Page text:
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Gayer v. Fine Line Const

District Court of Appeal of Florida, Fourth District
Jan 11, 2008
970 So. 2d 424 (Fla. Dist. Ct. App. 2008)


No. 4D06-2159.

November 28, 2007. Rehearing Denied January 11, 2008.

Appeal from the Circuit Court, Seventeenth Judicial Circuit, Broward County, Patti Englander Henning, J.

Adam Lawrence of Lawrence Daniels, and Stabinski Funt, P.A., Miami, for appellant.

Donna M. Krusbe of Billing, Cochran, Heath, Lyles, Mauro Anderson, P.A., West Palm Beach, for Appellee-Fine Line Construction Electric, Inc.

Timothy Gayer appeals a summary judgment entered in favor of Fine Line on Gayer's spoliation of evidence claim. Appearing as an issue of first impression, we conclude that a special employer using a laborer from a help supply services company has a duty under section 440,39(7), Florida Statutes, to preserve evidence for the injured laborer's claim against a third-party tortfeasor.

Gayer was employed by a help supply services company, Labor Finders of Broward, Inc. (Labor Finders), which leased workers to construction companies, paid the workers an hourly wage, and provided workers' compensation benefits. Labor Finders sent Gayer to Fine Line, which directed Gayer to remove metal framing from a ceiling and provided Gayer with a tall folding ladder and an electric drill. Gayer fell from the ladder, sustaining severe injuries. The ladder, subsequently, could not be located.

Gayer first sued Fine Line for negligence but Fine Line successfully raised an affirmative defense of worker's compensation immunity from tort liability because Gayer was Fine Line's borrowed employee under section 440.11(2), Florida Statutes. Fine Line ultimately obtained summary judgment on the negligence claim.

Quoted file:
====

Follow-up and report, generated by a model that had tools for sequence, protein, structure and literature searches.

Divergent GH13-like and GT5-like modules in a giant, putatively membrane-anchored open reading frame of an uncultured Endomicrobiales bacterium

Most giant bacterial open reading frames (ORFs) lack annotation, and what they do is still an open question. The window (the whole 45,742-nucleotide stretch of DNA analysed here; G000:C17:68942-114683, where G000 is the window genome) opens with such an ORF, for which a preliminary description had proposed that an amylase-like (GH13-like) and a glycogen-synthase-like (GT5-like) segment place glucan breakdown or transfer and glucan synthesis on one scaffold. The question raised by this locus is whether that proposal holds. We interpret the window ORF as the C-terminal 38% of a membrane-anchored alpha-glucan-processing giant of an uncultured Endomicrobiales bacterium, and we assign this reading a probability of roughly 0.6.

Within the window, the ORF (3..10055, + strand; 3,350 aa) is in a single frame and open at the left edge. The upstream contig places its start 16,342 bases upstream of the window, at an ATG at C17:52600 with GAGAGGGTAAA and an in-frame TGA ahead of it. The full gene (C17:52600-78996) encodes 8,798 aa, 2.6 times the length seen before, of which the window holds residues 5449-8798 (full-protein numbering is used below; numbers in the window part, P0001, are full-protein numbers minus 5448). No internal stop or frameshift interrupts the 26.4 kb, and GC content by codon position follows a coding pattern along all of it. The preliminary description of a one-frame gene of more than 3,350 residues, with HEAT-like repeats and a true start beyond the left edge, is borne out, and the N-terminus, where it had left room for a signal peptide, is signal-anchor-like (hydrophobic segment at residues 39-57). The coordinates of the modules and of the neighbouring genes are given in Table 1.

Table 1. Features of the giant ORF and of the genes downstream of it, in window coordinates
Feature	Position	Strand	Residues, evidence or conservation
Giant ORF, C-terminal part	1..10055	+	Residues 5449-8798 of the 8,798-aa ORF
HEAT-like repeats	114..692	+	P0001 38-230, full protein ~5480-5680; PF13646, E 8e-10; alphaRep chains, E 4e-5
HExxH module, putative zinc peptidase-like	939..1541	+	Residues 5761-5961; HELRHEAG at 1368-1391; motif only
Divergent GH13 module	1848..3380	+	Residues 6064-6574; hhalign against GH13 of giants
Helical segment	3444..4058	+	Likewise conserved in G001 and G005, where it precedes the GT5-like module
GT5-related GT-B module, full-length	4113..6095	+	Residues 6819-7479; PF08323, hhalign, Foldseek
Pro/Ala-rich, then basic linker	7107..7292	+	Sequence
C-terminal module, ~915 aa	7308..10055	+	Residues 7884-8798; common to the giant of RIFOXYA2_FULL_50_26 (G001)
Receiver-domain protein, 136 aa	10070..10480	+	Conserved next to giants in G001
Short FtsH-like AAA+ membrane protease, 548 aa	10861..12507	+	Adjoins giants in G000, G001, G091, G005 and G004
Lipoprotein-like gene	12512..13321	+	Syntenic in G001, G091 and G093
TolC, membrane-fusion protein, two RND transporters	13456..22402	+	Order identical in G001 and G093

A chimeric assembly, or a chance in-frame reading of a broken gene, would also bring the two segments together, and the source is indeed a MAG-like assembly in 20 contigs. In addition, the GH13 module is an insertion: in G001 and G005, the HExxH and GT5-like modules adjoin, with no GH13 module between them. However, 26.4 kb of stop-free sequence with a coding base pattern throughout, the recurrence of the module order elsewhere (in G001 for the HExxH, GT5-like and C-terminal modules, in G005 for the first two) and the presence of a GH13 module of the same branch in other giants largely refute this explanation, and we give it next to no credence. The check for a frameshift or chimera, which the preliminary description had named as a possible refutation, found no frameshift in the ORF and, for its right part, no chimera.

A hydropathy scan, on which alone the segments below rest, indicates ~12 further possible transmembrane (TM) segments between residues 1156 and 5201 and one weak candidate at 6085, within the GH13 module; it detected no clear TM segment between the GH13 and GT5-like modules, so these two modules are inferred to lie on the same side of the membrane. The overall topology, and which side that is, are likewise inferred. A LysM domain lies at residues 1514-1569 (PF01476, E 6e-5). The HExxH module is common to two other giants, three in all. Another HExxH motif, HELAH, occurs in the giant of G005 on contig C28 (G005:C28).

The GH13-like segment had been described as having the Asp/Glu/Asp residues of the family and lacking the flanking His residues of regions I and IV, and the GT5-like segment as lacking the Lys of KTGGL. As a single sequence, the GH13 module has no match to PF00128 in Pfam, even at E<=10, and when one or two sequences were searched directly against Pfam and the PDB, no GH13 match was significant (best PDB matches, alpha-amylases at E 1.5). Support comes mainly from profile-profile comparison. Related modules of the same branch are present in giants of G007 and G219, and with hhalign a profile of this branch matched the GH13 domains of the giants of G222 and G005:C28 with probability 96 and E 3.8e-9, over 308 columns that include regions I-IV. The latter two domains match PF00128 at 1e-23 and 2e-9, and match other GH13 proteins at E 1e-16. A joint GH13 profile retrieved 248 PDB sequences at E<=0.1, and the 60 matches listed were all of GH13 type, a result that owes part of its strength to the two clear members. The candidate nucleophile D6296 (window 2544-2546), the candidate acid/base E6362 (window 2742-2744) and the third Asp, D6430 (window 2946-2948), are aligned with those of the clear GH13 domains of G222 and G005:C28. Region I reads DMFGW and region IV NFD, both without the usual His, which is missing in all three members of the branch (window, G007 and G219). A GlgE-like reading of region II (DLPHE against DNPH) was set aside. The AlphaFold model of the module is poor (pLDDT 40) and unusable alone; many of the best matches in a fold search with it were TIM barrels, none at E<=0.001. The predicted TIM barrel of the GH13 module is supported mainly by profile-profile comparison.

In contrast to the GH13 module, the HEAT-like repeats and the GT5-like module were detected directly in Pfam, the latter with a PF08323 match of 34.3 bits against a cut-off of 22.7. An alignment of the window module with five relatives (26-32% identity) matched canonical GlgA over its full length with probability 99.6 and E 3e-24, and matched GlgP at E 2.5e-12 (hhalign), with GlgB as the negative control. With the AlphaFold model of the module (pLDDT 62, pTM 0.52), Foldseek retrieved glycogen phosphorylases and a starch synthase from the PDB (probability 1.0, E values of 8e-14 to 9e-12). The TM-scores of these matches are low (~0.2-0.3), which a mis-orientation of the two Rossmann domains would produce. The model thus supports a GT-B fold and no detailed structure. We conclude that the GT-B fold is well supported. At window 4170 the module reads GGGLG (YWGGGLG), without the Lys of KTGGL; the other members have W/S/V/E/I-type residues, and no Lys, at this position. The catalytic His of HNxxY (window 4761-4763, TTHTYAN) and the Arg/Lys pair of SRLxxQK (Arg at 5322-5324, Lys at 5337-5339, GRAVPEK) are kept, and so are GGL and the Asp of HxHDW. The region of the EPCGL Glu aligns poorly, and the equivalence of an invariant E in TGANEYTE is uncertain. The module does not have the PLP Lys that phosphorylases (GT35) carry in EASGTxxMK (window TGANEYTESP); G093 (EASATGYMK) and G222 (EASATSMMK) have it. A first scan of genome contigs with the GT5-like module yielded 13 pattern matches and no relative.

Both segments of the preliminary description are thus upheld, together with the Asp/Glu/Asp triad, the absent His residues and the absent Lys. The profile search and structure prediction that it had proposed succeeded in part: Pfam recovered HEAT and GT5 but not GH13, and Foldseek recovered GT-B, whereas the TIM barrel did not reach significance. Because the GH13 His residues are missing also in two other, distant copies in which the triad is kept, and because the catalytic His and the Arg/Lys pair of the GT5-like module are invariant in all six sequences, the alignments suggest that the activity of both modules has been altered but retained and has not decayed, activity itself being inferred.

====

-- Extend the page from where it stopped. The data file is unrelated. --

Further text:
Gayer subsequently amended his complaint to allege a spoliation claim for the lost ladder against Fine Line and Labor Finders. Fine Line moved for summary judgment, arguing that it had no duty to preserve the ladder under section 440.39(7), Florida Statutes, because Fine Line was not Gayer's "employer." The trial court granted Fine Line's motion and entered final judgment for Fine Line on the spoliation claim. We reverse.

Reviewing the summary judgment order de novo, we analyze the record in the light most favorable to the non-moving party. E.g., 5th Ave. Real Estate Dev., Inc. v. Aeacus Real Estate Ltd. P'ship, 876 So.2d 1220, 1221 (Fla. 4th DCA 2004).

Generally, to establish a claim for spoliation, the plaintiff must prove six elements: "(1) existence of a potential civil action, (2) a legal or contractual duty to preserve evidence which is relevant to the potential civil action, (3) destruction of that evidence, (4) significant impairment and the ability to prove the lawsuit, (5) a causal relationship between the evidence destruction and the inability to prove the lawsuit, and (6) damages." Flagstar Cos. v. Cole-Ehlinger, 909 So.2d 320, 322-23 (Fla. 4th DCA 2005) (internal quotations omitted).

The issue in the case sub judice is whether element two, duty to preserve, exists. Because a duty to preserve evidence does not exist at common law, the duty must originate either in a contract, a statute, or a discovery request. Royal Sunalliance v. Lauderdale Marine Ctr., 877 So.2d 843, 845 (Fla. 4th DCA 2004). Gayer does not allege a contractual duty or a duty arising from a discovery request. Citing section 440.39(7), Florida Statutes, Gayer argues that Fine Line had a statutory duty to preserve evidence.